Contenu réservé aux abonnés


Nothing is more human than our incredible ability to construct stories, to build narratives and share them with others.
The stories we tell forge bonds and often largely define the way we perceive the world.

© Alma Itzhaky, Figurine, 2016 –

For a long time, it was thought that the gift of language belonged to humanity alone, but science has since shown us otherwise. Many species of animals “speak” in different ways and communicate effectively in a language of their own.

It was also thought that only humans organized funeral rites, but elephant cemeteries soon set us straight on that, too.

Then it was said that laughter was our unique specialty, but it has now been proven that other animals share this capability. I have read that some primates are even capable of playing jokes on one another and have an unquestionable sense of humour.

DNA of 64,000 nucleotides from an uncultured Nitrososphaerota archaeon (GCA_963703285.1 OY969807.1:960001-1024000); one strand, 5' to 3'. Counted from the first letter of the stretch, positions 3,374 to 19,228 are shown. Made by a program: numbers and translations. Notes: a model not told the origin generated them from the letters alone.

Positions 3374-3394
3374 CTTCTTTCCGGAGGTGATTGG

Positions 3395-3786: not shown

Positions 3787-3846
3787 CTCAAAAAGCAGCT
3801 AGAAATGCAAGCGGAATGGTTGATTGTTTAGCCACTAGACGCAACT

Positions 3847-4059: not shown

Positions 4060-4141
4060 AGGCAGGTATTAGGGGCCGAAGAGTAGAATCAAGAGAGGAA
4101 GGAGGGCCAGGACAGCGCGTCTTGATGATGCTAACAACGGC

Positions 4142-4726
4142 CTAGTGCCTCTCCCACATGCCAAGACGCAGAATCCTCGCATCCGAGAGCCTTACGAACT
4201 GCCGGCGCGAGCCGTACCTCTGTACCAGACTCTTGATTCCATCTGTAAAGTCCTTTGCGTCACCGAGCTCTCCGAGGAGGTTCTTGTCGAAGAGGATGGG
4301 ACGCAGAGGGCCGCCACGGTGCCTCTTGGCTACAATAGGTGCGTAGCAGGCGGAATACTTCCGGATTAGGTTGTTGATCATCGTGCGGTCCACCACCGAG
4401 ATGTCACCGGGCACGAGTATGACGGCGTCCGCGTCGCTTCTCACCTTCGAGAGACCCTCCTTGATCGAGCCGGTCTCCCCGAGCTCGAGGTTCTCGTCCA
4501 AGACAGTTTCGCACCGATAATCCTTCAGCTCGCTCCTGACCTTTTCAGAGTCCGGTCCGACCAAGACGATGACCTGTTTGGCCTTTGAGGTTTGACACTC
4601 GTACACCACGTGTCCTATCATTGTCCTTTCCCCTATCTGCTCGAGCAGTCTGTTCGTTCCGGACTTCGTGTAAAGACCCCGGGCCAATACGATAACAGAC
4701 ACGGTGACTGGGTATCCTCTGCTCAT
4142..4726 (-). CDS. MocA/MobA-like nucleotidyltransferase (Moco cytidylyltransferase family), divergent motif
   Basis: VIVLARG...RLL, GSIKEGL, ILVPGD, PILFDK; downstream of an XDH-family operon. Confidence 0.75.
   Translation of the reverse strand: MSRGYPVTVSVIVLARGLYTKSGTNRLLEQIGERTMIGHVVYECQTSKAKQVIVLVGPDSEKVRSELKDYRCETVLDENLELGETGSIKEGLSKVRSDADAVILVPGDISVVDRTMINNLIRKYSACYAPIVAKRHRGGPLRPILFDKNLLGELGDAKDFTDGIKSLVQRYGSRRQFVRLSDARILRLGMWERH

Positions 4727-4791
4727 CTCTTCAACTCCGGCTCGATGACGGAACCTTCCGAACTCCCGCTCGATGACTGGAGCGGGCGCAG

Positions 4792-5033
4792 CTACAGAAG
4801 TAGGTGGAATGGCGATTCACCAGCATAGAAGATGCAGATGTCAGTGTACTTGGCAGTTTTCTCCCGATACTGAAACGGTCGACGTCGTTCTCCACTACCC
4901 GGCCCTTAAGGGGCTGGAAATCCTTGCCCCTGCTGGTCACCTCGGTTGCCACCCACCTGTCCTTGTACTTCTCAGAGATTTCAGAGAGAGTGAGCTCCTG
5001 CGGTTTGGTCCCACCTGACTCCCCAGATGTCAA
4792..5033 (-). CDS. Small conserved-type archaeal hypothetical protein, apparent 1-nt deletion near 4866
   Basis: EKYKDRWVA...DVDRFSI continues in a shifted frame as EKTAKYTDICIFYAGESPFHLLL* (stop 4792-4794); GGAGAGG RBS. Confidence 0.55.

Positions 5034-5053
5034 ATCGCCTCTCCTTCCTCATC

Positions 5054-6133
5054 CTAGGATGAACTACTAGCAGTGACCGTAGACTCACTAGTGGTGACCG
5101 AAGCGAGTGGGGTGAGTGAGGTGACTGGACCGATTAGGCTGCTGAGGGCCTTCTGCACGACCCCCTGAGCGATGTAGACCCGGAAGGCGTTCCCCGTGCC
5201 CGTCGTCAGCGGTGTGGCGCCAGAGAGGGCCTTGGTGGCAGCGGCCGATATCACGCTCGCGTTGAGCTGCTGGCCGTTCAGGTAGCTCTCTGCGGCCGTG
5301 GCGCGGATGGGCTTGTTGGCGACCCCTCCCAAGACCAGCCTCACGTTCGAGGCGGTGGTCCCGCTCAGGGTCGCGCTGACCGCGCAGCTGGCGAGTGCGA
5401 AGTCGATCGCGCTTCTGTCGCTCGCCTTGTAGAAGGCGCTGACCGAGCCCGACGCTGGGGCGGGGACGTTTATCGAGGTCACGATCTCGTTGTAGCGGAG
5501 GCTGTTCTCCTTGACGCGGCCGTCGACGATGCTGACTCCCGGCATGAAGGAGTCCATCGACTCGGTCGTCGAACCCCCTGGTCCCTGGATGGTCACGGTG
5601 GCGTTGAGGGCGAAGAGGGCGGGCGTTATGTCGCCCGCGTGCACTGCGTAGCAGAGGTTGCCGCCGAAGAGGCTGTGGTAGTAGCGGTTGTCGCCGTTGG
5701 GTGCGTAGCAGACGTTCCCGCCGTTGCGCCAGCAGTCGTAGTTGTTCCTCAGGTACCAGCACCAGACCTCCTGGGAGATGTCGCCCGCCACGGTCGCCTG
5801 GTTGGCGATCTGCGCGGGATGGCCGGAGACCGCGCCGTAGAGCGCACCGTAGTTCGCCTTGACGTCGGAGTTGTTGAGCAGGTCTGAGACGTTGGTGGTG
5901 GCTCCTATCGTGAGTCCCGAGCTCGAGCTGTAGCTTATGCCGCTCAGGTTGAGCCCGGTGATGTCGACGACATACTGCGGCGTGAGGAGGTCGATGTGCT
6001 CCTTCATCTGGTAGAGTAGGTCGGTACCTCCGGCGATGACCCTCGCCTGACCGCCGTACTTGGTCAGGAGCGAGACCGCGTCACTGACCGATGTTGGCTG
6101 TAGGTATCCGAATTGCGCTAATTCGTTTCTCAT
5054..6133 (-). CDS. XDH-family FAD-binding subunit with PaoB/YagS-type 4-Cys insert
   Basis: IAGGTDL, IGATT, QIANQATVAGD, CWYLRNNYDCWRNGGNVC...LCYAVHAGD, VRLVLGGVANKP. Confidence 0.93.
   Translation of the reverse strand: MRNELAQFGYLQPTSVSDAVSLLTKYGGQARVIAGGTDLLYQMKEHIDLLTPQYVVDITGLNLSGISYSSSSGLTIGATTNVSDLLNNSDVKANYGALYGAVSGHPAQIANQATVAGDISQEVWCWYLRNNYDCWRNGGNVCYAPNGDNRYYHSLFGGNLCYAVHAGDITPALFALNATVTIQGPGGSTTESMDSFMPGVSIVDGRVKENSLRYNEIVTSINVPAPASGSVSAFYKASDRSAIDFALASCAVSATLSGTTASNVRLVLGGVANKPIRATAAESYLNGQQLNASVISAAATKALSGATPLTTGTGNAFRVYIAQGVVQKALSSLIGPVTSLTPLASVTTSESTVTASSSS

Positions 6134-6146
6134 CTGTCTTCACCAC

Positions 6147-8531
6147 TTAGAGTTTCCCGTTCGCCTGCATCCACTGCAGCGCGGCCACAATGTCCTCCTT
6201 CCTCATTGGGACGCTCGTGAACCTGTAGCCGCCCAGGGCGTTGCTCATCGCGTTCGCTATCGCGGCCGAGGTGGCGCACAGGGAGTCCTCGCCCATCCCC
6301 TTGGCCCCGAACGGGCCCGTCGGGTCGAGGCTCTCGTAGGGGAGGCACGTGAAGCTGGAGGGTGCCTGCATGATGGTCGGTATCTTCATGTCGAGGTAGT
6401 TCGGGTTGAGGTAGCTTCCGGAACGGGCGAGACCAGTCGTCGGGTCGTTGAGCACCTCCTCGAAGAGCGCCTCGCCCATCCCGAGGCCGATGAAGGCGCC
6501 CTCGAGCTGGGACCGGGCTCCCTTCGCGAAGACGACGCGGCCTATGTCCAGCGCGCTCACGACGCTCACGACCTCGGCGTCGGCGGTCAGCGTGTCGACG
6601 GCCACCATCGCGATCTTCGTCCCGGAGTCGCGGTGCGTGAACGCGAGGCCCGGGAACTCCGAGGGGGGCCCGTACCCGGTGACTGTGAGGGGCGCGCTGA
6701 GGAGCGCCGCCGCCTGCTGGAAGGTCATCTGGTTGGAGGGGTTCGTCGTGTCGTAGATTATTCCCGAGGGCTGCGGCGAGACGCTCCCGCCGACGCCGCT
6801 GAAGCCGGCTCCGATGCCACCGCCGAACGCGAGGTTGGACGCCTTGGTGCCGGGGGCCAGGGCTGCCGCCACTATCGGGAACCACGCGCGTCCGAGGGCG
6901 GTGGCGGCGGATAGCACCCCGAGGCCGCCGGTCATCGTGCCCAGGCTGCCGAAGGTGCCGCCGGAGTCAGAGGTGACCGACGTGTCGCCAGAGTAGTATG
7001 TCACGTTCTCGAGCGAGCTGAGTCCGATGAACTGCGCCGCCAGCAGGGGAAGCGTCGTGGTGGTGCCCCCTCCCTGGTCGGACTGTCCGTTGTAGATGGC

What is left, then, that is unique to human beings? I have come to believe that if our species is distinguished by anything, it is by our ability to tell stories to others, and to tell them to ourselves. Yuval Noah Harari, in his celebrated book Sapiens, says the same thing. He writes with great humour that you “couldn’t convince a large number of chimpanzees to get together to build a cathedral or go on a crusade by promising them that if they do, they’ll go to monkey heaven after they die, where they’ll be given limitless bananas.”

Abonnez-vous pour lire cet article

S’abonner en ligne